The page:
U.S. Pat. No. 4,262,199 to Bridges, et al., shows a mobile infrared target detection and recognition system including an assembly of infrared detection elements which scan a field of view to produce a signal representative of the infrared level from point to point.
U.S. Pat. No. 3,829,694 to Goto discloses apparatus for detecting gases or particles using Mie scattering of pulsed light beams to detect resonance absorption.
U.S. Pat. No. 3,517,190 to Astheimer discloses a method for monitoring stack effluent from a remote position by illuminating the effluent across a broad spectral band and detecting the reflected illumination in two spectral regions: one in an absorption band and one outside the absorption band to determine the quantity of absorbing gas from the signal ratio.
Thus, it is desirable to produce a mobile system to locate leaks of hazardous gas, particularly natural gas. A suitable system should not be easily confused by other sources, e.g., hydrocarbons from auto exhaust emissions. An airborne or mobile system is desired. A video imaging system would be highly advantageous since the operator can actually see where the leak is originating, thus eliminating the number of false alarms.
Accordingly, it is an object of the invention to provide a mobile remote detection (surface and/or airborne) system.
It is also an object of the invention to provide a video imaging system to locate hazardous gas leaks.
It is another object of the invention to provide a system which is simple to operate and interpret, e.g., operating in real time.
It is a further object of the invention to provide a detection system with a low false alarm rate.
It is a further object of the invention to provide a rugged, field reliable system.
The invention is a video imaging system for detecting hazardous gas leaks, particularly for producing a visual display of an invisible gas cloud. The invention is based on the radiation augmentation of the field of view of an imaging device by laser radiation corresponding to an absorption line of the gas species to be detected. The field of view of an imager, e.g., an IR imager, is irradiated by a laser at a wavelength that is absorbed by the gas to be detected. The IR imager receives both backscattered laser light and background radiation from the field of view to produce an image. When no gas is present, the laser light enhances the image. When a detectable gas (absorbing at the laser wavelength) is present, the laser light is attenuated more than the background component, producing a region of contrast or shadow on the image, showing the location of the gas cloud. Instead of irradiating and viewing the whole field at once, a flying spot imaging system can be utilized in which a series of small regions of the field are scanned by the imager and synchronously irradiated by the laser.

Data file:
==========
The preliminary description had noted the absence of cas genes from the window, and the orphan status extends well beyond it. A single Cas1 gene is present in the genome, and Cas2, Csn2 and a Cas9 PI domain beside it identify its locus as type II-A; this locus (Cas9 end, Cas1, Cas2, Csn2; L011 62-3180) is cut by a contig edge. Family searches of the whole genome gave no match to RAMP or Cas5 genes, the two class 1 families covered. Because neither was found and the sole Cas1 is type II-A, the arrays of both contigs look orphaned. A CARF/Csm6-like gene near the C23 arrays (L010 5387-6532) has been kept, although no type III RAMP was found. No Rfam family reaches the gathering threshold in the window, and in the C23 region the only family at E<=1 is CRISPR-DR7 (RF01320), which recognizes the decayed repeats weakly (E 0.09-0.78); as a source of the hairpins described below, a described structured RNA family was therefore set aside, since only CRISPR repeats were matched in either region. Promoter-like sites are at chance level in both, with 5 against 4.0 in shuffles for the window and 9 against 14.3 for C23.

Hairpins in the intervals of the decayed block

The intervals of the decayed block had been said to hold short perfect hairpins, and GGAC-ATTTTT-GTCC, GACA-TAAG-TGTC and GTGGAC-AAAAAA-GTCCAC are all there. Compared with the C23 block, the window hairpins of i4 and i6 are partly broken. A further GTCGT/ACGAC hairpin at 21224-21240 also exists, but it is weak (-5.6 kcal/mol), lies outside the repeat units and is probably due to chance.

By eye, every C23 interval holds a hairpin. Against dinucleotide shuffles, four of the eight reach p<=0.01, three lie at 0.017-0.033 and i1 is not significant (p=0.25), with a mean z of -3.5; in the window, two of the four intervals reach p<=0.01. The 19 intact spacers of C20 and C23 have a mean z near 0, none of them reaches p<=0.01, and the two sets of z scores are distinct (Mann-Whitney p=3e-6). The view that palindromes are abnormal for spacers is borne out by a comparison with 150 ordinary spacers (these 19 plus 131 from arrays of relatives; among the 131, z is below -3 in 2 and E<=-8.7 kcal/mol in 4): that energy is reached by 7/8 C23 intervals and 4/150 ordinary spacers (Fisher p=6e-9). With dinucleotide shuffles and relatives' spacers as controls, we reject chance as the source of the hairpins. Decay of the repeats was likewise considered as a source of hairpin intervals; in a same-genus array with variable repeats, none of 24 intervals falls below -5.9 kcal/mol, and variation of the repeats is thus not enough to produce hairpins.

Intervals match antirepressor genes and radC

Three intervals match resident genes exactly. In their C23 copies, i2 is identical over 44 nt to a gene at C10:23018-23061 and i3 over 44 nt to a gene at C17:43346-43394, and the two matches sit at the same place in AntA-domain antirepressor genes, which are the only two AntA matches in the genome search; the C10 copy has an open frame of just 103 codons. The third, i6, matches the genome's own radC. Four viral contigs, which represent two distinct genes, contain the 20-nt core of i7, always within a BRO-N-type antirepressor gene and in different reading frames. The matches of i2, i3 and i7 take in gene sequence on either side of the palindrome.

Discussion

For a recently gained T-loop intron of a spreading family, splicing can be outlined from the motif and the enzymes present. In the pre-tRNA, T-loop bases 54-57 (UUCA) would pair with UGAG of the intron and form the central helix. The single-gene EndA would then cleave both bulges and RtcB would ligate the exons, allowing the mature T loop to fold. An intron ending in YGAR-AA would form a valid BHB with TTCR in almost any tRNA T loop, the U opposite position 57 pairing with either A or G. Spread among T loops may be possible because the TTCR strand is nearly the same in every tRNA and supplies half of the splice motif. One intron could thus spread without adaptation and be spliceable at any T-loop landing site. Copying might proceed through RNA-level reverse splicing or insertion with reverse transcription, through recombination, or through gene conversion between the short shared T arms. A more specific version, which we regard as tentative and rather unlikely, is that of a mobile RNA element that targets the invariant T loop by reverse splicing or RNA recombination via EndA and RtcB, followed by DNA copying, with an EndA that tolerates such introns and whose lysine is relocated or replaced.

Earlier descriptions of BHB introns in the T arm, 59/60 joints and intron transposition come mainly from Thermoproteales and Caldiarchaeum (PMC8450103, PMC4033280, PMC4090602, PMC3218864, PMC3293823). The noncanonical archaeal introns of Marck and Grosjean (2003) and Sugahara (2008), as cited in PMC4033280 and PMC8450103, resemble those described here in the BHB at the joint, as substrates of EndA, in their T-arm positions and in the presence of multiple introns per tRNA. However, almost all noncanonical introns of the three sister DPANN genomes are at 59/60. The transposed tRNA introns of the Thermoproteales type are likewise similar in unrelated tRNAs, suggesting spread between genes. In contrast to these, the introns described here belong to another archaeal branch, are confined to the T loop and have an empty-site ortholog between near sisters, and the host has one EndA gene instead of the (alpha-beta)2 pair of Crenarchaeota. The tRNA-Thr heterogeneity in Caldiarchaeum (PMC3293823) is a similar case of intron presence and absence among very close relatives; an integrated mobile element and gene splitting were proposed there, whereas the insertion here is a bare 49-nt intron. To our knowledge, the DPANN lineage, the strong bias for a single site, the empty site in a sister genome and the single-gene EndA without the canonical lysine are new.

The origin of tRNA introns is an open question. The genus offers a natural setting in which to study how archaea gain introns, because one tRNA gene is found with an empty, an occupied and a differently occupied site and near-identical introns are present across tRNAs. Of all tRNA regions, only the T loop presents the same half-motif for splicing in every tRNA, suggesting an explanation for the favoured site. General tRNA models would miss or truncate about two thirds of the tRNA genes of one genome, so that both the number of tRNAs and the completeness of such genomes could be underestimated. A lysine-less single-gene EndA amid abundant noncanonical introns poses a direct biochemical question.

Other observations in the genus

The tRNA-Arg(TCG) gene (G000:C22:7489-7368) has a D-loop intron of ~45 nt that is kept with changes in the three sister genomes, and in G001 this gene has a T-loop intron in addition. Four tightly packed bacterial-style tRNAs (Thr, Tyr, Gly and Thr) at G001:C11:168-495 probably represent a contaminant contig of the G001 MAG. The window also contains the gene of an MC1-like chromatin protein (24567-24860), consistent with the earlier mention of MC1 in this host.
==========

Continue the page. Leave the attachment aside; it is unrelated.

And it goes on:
FIG. 1a shows a mobile embodiment of the gas imaging system.
FIG. 1b shows an airborne embodiment of the system.
FIG. 1c shows a fixed/scanning embodiment of the system.
FIG. 2 is a block diagram of the backscatter absorption gas imaging system.
FIG. 3 shows the spectral characteristics of the video imaging system.
FIGS. 4a and 4b show the range dependence of the video imaging system on spectral bandwidth and terrain reflectivity for two lasers, He-Ne and CO2.
FIG. 5a shows a sectional view of one embodiment of an infrared flying spot imager which sychronizes laser and detector spots.
FIG. 5b is a sectional view of a second embodiment of an infrared flying spot imager which synchronizes laser and detector spot.
FIG. 6 shows video system sensitivity for various gas cloud conditions, providing image contrast as a function of gas cloud thickness and concentration.
The invention is an active backscatter absorption method and apparatus for detecting leaks of hazardous gas, particularly invisible gas clouds. The invention comprises a video imaging system with an imager, e.g., an infrared imager, for producing a visual display of the invisible gas leak. The imager field of view is irradiated with a laser at a wavelength which is strongly absorbed by the major components of the hazardous gas. Backscattered laser radiation plus background thermal and/or scattered radiation is detected by the imager to produce a video image. The invention utilizes radiation augmentation of the field of view of an imaging device by laser radiation corresponding to an absorption line of the gas species to be detected. The invention also requires that there be a reflective or scattering background in the field of view and that the laser wavelength correspond to an atmospheric transmission window.